A retired Rocky Mount, North Carolina, doctor who’s worried about food safety failed Tuesday in her challenge to revised U.S. Department of Agriculture poultry inspection rules.
In a unanimous ruling closely watched by agribusiness and activists alike, the U.S. Court of Appeals for the District of Columbia Circuit ruled that Dr. Margaret E. Sowerwine and her allies with Food and Water Watch lacked the legal standing to sue.
The ruling by what’s often called the nation’s second-highest court leaves intact the inspection revisions that Sowerwine claims threaten her health. Sowerwine’s fear, the court panel concluded, was insufficient reason to block the New Poultry Inspection System.
“A careful examination of allegations demonstrates that they have not plausibly alleged that the NPIS substantially increases the risk of foodborne illness compared to the existing inspection systems,” Judge Robert L. Wilkins wrote.
Reasoning that Sowerwine, Charlotte, North Carolina, resident Alina Pittman and other members of the Washington-based organization Food and Water Watch Inc. had “not alleged a sufficient injury,” Wilkins and the appellate panel upheld a trial judge who had dismissed the lawsuit last year.
These allegations . . . fail to plausibly allege that the regulations substantially increase the risk of foodborne illness.
Judge Robert L. Wilkins
Wilkins was joined in the decision by Judge Patricia A. Millett, a fellow Obama administration appointee, and Judge Karen LeCraft Henderson, whom President George H.W. Bush appointed. Millett and Henderson filed concurring opinions to offer additional thoughts, as well.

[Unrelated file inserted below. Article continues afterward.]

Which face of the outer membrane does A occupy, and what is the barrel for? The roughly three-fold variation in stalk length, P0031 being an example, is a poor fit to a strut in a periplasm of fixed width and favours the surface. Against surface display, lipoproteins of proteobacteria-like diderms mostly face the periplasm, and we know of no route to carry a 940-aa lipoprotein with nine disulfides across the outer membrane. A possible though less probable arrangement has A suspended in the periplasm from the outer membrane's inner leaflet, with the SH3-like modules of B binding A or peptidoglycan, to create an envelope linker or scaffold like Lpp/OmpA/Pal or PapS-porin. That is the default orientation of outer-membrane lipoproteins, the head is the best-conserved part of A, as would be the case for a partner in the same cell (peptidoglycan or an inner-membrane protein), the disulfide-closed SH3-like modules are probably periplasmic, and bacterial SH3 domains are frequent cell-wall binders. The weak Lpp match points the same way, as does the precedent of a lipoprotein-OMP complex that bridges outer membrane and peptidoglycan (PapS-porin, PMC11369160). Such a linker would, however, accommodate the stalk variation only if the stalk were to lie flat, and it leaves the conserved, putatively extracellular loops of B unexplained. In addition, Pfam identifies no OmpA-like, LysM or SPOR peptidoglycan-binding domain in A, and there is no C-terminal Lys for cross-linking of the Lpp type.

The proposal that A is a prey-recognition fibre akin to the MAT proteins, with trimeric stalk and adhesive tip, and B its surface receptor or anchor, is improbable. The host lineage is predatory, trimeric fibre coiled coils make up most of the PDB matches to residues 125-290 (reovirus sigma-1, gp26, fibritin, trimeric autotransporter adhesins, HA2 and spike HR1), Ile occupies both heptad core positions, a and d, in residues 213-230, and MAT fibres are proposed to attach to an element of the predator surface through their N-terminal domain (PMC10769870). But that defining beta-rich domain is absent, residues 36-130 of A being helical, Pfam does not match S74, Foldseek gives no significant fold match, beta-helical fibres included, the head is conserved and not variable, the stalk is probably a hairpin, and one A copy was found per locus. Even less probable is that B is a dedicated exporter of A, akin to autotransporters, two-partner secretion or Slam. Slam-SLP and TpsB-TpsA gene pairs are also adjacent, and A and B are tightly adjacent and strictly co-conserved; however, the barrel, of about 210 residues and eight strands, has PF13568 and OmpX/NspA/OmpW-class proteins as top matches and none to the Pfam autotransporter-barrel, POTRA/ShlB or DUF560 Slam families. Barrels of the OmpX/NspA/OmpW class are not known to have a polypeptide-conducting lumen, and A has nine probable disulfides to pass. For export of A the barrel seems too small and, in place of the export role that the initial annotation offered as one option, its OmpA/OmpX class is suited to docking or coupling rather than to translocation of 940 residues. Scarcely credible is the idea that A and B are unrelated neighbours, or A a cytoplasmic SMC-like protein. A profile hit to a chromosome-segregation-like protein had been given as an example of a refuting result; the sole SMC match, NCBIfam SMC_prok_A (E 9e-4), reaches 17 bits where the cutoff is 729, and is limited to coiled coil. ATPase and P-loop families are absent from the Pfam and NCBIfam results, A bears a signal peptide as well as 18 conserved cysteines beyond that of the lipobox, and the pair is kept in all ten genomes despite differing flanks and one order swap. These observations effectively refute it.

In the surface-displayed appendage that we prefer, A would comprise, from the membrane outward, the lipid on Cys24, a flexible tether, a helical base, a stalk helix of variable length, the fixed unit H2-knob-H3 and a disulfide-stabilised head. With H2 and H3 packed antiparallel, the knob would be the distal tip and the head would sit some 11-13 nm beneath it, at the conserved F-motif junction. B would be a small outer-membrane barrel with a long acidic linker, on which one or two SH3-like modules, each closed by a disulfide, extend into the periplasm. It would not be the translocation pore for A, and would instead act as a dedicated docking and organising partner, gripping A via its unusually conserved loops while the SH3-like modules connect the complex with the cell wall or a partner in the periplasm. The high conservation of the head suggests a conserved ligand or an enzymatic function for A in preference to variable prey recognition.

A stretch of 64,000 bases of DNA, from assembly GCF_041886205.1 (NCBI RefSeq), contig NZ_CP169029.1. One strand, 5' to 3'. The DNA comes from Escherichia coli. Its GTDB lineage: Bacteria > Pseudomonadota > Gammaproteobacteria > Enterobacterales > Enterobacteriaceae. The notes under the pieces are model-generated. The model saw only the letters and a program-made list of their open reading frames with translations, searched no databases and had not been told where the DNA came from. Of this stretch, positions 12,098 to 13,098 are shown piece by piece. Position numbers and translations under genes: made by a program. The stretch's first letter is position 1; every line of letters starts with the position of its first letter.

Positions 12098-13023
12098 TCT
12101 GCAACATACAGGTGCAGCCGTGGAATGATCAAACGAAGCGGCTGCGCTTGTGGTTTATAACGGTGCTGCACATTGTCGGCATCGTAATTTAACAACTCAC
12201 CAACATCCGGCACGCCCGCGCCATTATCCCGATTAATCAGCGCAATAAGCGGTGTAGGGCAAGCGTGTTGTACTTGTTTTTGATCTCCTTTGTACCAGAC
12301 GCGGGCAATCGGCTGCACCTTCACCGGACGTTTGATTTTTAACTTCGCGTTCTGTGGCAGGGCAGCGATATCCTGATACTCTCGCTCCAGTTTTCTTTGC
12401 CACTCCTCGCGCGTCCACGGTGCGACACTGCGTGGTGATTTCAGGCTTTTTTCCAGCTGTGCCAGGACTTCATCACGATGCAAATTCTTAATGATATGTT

The legal challenge and the underlying poultry inspection rules reflect a protracted struggle that’s played out across courtrooms, bureaucracies and Capitol Hill alike. More than 250,000 public comments flooded the USDA prior to the new rules being set last year.
The public comments had some effect, as the chastened USDA decided to keep the maximum poultry plant inspection-line speed at 140 birds a minute rather than increase it to 175 per minute, as originally proposed.
The revised inspection system would still emphasize “science-based” resource allocation that “positions food safety inspectors throughout poultry facilities in a smarter way,” according to the USDA. As part of an optional system, poultry companies can opt to sort their own product for quality defects before presenting it to federal inspectors.
The USDA contends the poultry companies’ initial sorting frees up Food Safety and Inspection Service inspectors for important work. Critics worry it weakens oversight by privatizing inspections.
“Those who continue to eat chicken slaughtered in NPIS establishments will bear the burden of an increased risk of harm from purchasing and consuming adulterated and unwholesome poultry product,” the original lawsuit declared.
Pittman, the Charlotte resident who joined the lawsuit, added in a 2014 declaration that she “was and still am very concerned” about the new rules, which she said could undermine “the ability to make sure that what goes into my body is healthy.”
Courts, though, carefully screen lawsuits that claim potential future injury. As a general rule, Wilkins noted, the appellate court requires increased risks to be substantial before allowing lawsuits to proceed.
“These allegations still fall short because they fail to allege that the NPIS as a whole will produce significantly more adulterated, unwholesome chicken compared to the existing inspection systems,” Wilkins wrote.
The appellate court likewise rejected as legally insufficient Sowerwine’s claim that she’ll be harmed by having to seek out alternative poultry sources in order to avoid possibly dangerous birds.
Tony Corbo, a senior lobbyist for Food and Water Watch, said Tuesday that the organization was disappointed in the court’s ruling and was reviewing options.